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Until us Americans learn to live simple lives with minimum amount of salary and wean ourselves of materialism, bringing jobs back will never happen. None of us will work for $5~$10/hr or iotw, cheap labor.
 
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DocSavage

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Until us Americans learn to live simple lives with minimum amount of salary and ween ourselves of materialism, Trump's pledge of bringing jobs back will never happen. No Americans will work for $5~$10/hr.
Not in San Francisco anyway.
 

BravO)))

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Until us Americans learn to live simple lives with minimum amount of salary and ween ourselves of materialism, Trump's pledge of bringing jobs back will never happen. No Americans will work for $5~$10/hr.
If you want to do without, cool for you, but I will not submit to that. You only get one life, and I am going to enjoy it. Materialism is a result of success.
 

Bounty

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Security concerns are pretty trivial as these outsourced companies are pretty good about protecting customer privacy. These workers fears being canned so they work to do everything literally exactly by the book. That's why you have support calls of Indians telling you to do a step that you know is not necessary and they insist on you following it. Because they've been told over and over again and if they deviate from it, they know they will get fired and replaced easily.

When I was at Microsoft working on a government contract, I worked with a sister team that was Mindtree, an H-1B company importing workers from India. They were deathly afraid of losing their jobs and would not be flexible at all no matter how trivial it seemed nor would they do any knowledge sharing if they thought it would threaten their job security. For example, I had no expectations of privacy when it came to my relationship between my employer, myself, and my team's work so I had requested logs of a fellow employee for a specific work issue and they were "No, those are personal conversation and I'm prohibited by company rules.. blah blah" whatever. It was dumb so I literally had to get my manager to see the log himself with his own eyes all because the Mindtree employees were following exactly what they were told from above. So I'd give the outsourcing companies some props for that on security concerns.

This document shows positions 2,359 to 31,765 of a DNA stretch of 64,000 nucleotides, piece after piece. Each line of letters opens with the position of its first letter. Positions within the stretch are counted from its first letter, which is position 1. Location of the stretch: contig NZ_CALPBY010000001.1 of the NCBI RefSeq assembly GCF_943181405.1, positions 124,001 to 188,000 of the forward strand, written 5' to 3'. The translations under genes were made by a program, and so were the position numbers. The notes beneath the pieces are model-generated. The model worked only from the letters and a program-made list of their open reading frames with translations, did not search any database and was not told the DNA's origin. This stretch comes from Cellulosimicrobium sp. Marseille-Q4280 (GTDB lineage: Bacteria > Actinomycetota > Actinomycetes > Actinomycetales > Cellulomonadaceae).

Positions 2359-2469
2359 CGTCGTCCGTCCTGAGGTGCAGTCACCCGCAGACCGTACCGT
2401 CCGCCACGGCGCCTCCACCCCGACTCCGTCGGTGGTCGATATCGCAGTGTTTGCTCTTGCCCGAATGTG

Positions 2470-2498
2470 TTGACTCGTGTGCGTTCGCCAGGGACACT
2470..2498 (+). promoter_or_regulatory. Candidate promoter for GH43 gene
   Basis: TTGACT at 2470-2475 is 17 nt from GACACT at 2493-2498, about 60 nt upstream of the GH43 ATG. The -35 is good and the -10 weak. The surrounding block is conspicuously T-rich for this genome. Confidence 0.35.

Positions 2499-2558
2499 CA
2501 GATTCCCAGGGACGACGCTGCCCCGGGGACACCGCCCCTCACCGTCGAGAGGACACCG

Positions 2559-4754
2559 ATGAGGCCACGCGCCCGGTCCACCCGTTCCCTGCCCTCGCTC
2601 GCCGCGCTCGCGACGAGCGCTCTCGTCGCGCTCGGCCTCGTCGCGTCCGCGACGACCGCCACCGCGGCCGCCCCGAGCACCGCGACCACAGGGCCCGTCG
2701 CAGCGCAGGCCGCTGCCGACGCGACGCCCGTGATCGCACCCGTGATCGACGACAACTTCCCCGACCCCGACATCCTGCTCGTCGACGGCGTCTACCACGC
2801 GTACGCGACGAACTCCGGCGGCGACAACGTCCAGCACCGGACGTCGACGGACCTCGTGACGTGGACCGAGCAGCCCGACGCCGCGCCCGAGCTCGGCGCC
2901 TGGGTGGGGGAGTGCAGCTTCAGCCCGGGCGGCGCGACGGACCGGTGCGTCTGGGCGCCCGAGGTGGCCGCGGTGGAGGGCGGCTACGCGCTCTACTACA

So like ...
"Dave from Texas" support guy in India: "After you type in the command and hit enter, does it respond with a 1 or a 2?"
End user at SFU: "It says HEADER_POOL_MEMORY"
"Dave from Texas" support guy in India: "So is that a 1 or a 2?"
End user at SFU: "It says HEADER_POOL_MEMORY"
"Dave from Texas" support guy in India: "1 or 2?"
 

Jehuty

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I think that as someone said early [and I'm sorry if it seems political; I don't care about either side on this], but in lieu of limiting HB2 visas, keep them, but also impose some kind of fee or tax to be able to employ people with them instead.

If a company really feels that going with a fogreign folks over American people, then they must be willing to pay the price. We should hire foreigners because they are the best, not because they are the cheapest.

It doesn't have to be an American citizen, it should also include folks with permanent residency status and such.
 

thejokker

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So...to be clear here: You're in favor of paying higher taxes to pay for these people? Because that's what it comes down to: Jobs versus Taxes.

Seriously, people want it both ways all the time, then complain when they don't.